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The Most Important Thing about B2B Personas-Common Ground

by Hank Barnes  |  November 6, 2018  |  Submit a Comment

The rush to personas continues in B2B.  But the value returned from that investment sure feels questionable. from a marketing perspective (user personas for product design and usability are incredibly valuable).   I did an informal poll of our go-to-market team and we struggled to come up with examples of personas having a big, positive impact (if you have any, we’d love to hear from you).

There are a few reasons why I believe that is the case (based on my own client discussions and our team discussion):

  1. The biggest value in B2C personas comes from grouping people based on psychographic characteristics (how they want to be perceived, etc.).  But in B2B, an individual’s psychographic dimensions have to fit within the organizational context.
  2. Persona efforts tend to focus on individuals, but they don’t work alone.  B2B Buying is done by large teams.
  3. Often most of the focus is “what belongs in the persona,” rather than how it will be used.  My colleague Suzanne White advises on building “personas with a purpose.”  She suggests that you start at the end–focusing on how the personas will be used can help shape what goes into them.

Given this, what then matters most with B2B personas for marketing?   The title said the most important thing, but I’ll extend it to two.

  1. The most important persona-style effort a B2B organization can invest in is the development of an ideal customer profile, something we coined as “The Enterprise Persona.”   That profile can, and should include psychographics of the enterprise (among other dimensions)–something that Gartner is helping with via our Enterprise Technology Adoption Profiles.   You can build 3 personas in this area.  You start with the ideal customer.  Then identify deviations from the ideal that would be viable as a good target–the acceptable customer profile.  And, finally, identify deviations from ideal that would be a signal that a win, or the ability to make sure the client got value even if you win, would be unlikely–the unacceptable customer profile.  Understanding this is most important.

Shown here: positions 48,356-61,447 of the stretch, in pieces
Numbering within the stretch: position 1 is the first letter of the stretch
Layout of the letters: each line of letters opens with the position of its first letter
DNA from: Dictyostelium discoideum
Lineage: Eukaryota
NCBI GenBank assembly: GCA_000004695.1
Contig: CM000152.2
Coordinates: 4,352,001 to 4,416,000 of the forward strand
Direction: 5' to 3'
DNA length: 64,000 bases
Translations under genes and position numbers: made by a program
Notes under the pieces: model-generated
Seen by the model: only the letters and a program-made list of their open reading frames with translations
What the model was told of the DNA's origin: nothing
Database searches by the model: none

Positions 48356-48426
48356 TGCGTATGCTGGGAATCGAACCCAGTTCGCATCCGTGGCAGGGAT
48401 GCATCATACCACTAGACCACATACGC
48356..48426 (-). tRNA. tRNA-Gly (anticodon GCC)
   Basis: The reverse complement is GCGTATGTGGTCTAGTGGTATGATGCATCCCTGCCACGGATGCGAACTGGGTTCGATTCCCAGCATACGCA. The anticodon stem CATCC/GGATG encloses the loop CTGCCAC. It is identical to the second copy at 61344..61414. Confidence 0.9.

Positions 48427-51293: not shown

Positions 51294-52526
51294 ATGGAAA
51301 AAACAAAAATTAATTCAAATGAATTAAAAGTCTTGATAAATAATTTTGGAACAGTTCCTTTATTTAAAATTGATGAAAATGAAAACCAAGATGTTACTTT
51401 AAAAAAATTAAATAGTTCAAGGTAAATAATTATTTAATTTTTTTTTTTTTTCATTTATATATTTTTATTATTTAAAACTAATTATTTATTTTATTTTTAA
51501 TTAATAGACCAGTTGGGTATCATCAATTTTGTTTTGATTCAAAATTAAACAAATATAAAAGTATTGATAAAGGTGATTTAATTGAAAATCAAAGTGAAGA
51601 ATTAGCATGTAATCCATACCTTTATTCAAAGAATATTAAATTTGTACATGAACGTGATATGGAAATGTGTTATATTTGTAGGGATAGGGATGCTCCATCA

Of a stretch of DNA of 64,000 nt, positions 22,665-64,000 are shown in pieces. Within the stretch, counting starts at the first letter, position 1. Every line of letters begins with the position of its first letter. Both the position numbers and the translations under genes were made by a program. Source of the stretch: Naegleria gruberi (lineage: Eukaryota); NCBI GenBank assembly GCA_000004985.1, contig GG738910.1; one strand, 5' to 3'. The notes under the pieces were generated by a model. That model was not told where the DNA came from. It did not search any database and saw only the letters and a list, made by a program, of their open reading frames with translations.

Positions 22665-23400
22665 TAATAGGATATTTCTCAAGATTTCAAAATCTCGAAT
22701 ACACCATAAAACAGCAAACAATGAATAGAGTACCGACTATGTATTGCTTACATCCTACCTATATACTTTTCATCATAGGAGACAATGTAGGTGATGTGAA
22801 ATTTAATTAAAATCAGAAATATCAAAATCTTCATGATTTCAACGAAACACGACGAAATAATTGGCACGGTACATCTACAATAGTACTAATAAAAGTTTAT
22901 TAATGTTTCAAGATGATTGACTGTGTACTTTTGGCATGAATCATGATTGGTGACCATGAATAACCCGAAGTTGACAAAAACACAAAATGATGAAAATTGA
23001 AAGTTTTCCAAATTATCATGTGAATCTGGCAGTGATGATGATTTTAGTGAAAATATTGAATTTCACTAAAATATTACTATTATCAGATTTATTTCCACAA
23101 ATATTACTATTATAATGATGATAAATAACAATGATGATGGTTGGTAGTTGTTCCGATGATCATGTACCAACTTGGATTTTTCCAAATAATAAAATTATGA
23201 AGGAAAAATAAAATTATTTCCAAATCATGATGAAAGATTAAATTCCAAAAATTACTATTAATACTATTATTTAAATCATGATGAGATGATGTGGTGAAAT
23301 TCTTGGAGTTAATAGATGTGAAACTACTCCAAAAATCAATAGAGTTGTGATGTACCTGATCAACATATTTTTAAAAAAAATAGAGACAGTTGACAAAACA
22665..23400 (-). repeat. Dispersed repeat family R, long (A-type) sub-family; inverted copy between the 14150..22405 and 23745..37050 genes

2. Once you know your ideal customer, then you need to understand who participates in the buying team.  As you do this, you may want to think about personas (with purpose of course).  But when you do that, there is a big difference in focus from what is most often associated with personas.  We aren’t looking for the unique messages to the individual persona.   Instead, we are looking for the common themes that can unite the different personas to build consensus  (This is explored in detail in the great book–that I cite a lot “The Challenger Customer“).  Where can you look for that common ground?  Well you might start by looking at your ideal customer profile (and consider doing some positioning work as well).
Source: via

Source: via

Most of all, don’t invest in personas blindly and don’t agonize over them.   Find focal points of value and invest there.   If needed, expand over time as you find other “purposes for personas.”

But, always, always, always, put the enterprise context and the search for common ground first in your B2B persona efforts.

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Category: go-to-market  

Tags: enterprise-persona  enterprise-technology-adoption-profiles  eta-profiles  ideal-customer-profile  personas  psychographics  

Hank Barnes
VP Distinguished Analyst
6+ years at Gartner
30+ years IT Industry

Hank Barnes explores the dynamics, challenges, and frustrations enterprises face when buying technology products and services. Using that customer-centric lens, he advises those responsible for marketing technology products and services, general managers responsible for product portfolios, and startup CEOs on next practices to drive success for their customers and their business. Read Full Bio

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